Elon Musk Reveals The Three Greatest Threats To Humanity
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Tesla and SpaceX chief Elon Musk has revealed three existential threats to humanity in a recent interview, outlining his biggest fears about the future.
In a conversation with Mathias Dopfner, the CEO of Axel Springer, the world’s richest man was frank in his assessment of the gravest issues that the planet currently faces.
The three threats he identified above all others were: religious extremism, declining birthrates and 'artificial intelligence going wrong', as Business Insider reports.
The birth rate fall across the western world has been flagged by Musk several times before. "I spent a lot of time talking about the birthrate thing," Musk said. "That might be the single biggest threat to the future of human civilisation."
According to the CDC, the US birth rate fell by 4% from 2019 to 2020, which happened to be the sharpest single-year decline in nearly 50 years. The longstanding decline in birth rate numbers does also appear to have been compounded in 2020 by the pandemic – leading to a so-called 'baby bust'.
The South African’s views on Artificial Intelligence (AI), and the possibility of the technology spiralling out of control, are also well-documented.
“As AI gets probably much smarter than humans, the relative intelligence ratio is probably similar to that between a person and a cat, maybe bigger,” Musk stated back in 2017, via Vox. “I do think we need to be very careful about the advancement of AI.”
However, in what seems to be a direct contradiction, Musk is also working frantically on ‘Neuralink’, a sophisticated AI-led company that intends to develop implantable brain-machine interfaces.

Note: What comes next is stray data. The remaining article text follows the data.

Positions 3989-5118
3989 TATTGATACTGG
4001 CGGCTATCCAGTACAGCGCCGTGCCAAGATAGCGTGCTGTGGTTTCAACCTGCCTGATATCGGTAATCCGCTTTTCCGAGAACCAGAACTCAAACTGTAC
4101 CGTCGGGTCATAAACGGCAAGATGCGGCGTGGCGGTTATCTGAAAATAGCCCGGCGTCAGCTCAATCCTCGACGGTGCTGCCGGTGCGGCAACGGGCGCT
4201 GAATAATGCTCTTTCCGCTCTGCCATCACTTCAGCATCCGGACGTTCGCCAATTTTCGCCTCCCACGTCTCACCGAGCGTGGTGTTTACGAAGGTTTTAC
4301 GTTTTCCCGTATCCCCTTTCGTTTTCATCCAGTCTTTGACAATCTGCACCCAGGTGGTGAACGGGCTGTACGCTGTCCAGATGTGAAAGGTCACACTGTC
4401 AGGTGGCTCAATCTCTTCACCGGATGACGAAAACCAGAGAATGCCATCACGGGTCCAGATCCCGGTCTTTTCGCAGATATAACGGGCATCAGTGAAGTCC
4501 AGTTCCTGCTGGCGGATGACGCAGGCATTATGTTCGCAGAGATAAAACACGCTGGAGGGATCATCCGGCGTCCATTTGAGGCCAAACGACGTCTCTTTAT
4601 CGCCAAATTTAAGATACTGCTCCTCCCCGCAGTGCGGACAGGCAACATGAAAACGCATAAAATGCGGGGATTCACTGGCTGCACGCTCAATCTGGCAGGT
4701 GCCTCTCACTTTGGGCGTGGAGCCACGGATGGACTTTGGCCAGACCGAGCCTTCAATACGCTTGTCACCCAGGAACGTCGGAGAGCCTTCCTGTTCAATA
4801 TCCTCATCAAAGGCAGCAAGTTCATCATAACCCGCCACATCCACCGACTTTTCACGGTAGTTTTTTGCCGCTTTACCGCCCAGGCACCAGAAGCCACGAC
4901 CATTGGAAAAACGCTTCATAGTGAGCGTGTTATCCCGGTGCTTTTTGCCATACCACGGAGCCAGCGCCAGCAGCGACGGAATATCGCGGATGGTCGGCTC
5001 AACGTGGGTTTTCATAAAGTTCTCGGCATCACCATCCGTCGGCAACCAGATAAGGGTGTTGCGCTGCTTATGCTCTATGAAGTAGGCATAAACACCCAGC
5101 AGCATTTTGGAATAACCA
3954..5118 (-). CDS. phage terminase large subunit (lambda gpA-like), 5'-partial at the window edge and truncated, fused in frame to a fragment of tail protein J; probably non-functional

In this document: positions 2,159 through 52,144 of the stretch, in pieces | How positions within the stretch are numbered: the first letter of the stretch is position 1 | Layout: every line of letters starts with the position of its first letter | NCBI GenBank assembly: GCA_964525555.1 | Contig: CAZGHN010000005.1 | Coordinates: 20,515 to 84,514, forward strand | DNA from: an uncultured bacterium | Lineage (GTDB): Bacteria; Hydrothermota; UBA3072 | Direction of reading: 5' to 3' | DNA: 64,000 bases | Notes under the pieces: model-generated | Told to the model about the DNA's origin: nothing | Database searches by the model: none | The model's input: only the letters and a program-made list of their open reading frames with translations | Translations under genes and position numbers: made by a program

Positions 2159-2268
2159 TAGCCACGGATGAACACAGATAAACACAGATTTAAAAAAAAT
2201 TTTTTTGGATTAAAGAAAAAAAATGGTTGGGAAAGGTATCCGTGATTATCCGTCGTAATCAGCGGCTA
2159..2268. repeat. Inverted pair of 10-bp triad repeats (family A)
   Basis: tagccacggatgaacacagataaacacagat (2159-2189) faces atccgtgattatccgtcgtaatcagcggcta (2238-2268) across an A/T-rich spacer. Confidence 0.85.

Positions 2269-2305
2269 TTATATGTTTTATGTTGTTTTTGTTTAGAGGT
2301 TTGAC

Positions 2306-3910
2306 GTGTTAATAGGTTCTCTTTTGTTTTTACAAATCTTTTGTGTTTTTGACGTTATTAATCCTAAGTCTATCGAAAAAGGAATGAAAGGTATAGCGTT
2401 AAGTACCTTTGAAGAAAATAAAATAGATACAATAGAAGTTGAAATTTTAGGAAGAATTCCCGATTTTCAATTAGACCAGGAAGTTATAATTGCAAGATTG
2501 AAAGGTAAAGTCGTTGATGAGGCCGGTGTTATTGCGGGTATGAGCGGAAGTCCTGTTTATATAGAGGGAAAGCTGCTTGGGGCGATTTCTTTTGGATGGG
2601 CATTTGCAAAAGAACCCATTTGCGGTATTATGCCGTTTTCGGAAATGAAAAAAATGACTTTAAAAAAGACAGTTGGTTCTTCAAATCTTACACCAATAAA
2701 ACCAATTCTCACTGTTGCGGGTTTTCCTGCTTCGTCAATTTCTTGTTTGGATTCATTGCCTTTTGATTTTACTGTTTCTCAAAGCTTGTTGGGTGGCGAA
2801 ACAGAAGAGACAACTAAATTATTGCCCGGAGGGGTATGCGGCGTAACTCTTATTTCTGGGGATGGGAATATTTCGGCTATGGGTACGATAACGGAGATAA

The 50-year-old recently claimed the tech could allow paralysed people to walk again, with clinical trials set to commence later this year.
During Musk’s conversation with Dopfner, the topic of his own mortality also came up, which elicited a rather philosophical response from the business magnate.
While expressing a desire to maintain health for a longer period of time, he confessed to not being afraid of death. "I am not afraid of dying. I think it would come as a relief," he claimed, adding that he would like to live long enough to see his SpaceX project fully realised.
"I don't think we should try to have people live for a really long time," Musk said. "That it would cause asphyxiation of society."
This stance places Musk at odds with several high-profile billionaires, each of whom is ploughing substantial resources into discovering the scientific fountain of youth – and methods that could help to halt the natural ageing process.
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Topics: Technology, Elon Musk, SpaceX, Tesla